To my earliest recollection, there has never been anything that entertained me as much as weird
and imaginative monsters. I didn't even need much of a story to go with them; just seeing creepy
creatures was enough to delight my young mind and fuel my imagination for hours. Unfortunately, a
pre-internet American household without cable television offered only limited outlets for my
obsession. Until
The Real Ghostbusters finally rolled around, all I really had access to were
Sesame Street, Eureka's Castle, Looney Tunes and
Gumby. Oh, how I loved that Gumby, though.
His world was hand-crafted from modeling clay, my favorite thing to play with at the time, and
inspired me to re-create its many characters for my own little adventures. And hey! Once in a
great while, Gumby even encountered a few
monsters! Awesome! What could be better, right?

...What do you mean "The Trap Door?" What the hell is "The Trap Door?"
...THAT'S The Trap Door? When the HELL did this happen?!

....1984!? Are you kidding me?! Then where the hell was...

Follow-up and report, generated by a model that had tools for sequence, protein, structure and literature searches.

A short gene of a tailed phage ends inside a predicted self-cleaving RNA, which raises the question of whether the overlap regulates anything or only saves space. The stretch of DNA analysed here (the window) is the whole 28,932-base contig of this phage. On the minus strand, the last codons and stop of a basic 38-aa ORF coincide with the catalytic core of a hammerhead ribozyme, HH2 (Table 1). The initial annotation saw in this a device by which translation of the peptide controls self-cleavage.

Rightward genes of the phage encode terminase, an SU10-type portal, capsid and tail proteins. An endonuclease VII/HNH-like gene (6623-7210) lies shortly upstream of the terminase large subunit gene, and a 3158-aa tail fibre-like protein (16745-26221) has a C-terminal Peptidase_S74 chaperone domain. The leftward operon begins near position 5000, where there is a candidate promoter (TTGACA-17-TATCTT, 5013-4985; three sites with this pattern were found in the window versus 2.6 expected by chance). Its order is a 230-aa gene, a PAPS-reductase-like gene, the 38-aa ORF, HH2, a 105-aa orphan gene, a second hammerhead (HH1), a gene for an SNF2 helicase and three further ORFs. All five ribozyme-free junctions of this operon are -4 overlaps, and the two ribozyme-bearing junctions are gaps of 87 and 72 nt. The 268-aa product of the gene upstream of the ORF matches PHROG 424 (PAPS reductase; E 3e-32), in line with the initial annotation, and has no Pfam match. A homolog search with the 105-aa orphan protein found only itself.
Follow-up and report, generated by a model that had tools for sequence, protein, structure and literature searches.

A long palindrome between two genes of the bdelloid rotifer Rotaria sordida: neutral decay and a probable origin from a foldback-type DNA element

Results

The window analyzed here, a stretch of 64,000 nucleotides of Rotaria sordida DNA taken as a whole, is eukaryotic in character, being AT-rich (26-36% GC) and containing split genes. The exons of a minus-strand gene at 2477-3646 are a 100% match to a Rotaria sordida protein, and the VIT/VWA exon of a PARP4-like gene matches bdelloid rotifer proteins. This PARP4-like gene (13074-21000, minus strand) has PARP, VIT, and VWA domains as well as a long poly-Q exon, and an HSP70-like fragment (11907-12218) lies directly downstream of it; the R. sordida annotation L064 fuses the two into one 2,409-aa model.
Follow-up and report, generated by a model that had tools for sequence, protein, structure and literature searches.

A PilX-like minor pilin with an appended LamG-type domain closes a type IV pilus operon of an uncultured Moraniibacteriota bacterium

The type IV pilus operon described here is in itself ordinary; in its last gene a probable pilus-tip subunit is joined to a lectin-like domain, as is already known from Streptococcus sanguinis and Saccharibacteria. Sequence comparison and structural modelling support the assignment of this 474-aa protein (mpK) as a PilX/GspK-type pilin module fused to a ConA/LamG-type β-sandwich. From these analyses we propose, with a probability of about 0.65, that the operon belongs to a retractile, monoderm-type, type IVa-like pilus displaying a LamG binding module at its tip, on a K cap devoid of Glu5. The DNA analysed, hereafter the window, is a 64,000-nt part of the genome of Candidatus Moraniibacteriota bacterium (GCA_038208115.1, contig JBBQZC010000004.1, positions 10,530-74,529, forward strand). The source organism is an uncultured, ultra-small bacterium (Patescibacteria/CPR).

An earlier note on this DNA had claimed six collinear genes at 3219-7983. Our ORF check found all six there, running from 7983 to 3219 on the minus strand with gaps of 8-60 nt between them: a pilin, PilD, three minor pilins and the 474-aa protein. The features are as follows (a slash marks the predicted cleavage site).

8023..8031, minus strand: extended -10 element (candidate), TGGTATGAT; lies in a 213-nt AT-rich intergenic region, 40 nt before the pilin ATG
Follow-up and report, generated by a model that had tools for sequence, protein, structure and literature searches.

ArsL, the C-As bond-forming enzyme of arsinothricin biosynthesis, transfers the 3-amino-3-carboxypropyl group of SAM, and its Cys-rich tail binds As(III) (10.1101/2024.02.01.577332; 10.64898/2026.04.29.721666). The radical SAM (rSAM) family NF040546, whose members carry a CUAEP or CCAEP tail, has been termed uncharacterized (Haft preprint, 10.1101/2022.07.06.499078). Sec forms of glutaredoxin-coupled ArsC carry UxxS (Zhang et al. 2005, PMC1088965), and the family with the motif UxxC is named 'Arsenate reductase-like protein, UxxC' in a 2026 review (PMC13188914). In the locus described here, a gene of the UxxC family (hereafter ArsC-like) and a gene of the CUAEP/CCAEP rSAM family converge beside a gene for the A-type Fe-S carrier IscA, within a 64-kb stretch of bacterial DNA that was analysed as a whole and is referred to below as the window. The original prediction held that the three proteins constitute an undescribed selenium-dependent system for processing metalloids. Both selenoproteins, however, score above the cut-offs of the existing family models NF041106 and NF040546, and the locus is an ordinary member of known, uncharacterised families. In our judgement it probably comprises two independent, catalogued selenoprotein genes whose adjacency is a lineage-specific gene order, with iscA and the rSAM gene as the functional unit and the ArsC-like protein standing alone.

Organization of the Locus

How many cold-hearted, filthy bastard U.S. television executives must have looked at this
top-rated, award-winning television show and thought to themselves "well, that's just
too British.
We won't be having any of that!" I'd like to know because I'd like to mail every one of them an
entire actual trap door with their name angrily carved into it. Just a whole big slab of wood with
like, a metal handle and hinges screwed in. Can I just put postage directly on that?
This magical children's series, denied me by Geography, ran for a total of forty four-minute
episodes from 1984 to 1986, before the creators moved on to new projects. The series takes
place "somewhere in the dark and nasty regions where nobody goes," following the day-to-day life
of a tubby blue monster named Berk who must contend with all manner of bizarre, crawling and
slithering creatures that emerge from the titular
trap door. As an adult, I find the show nothing short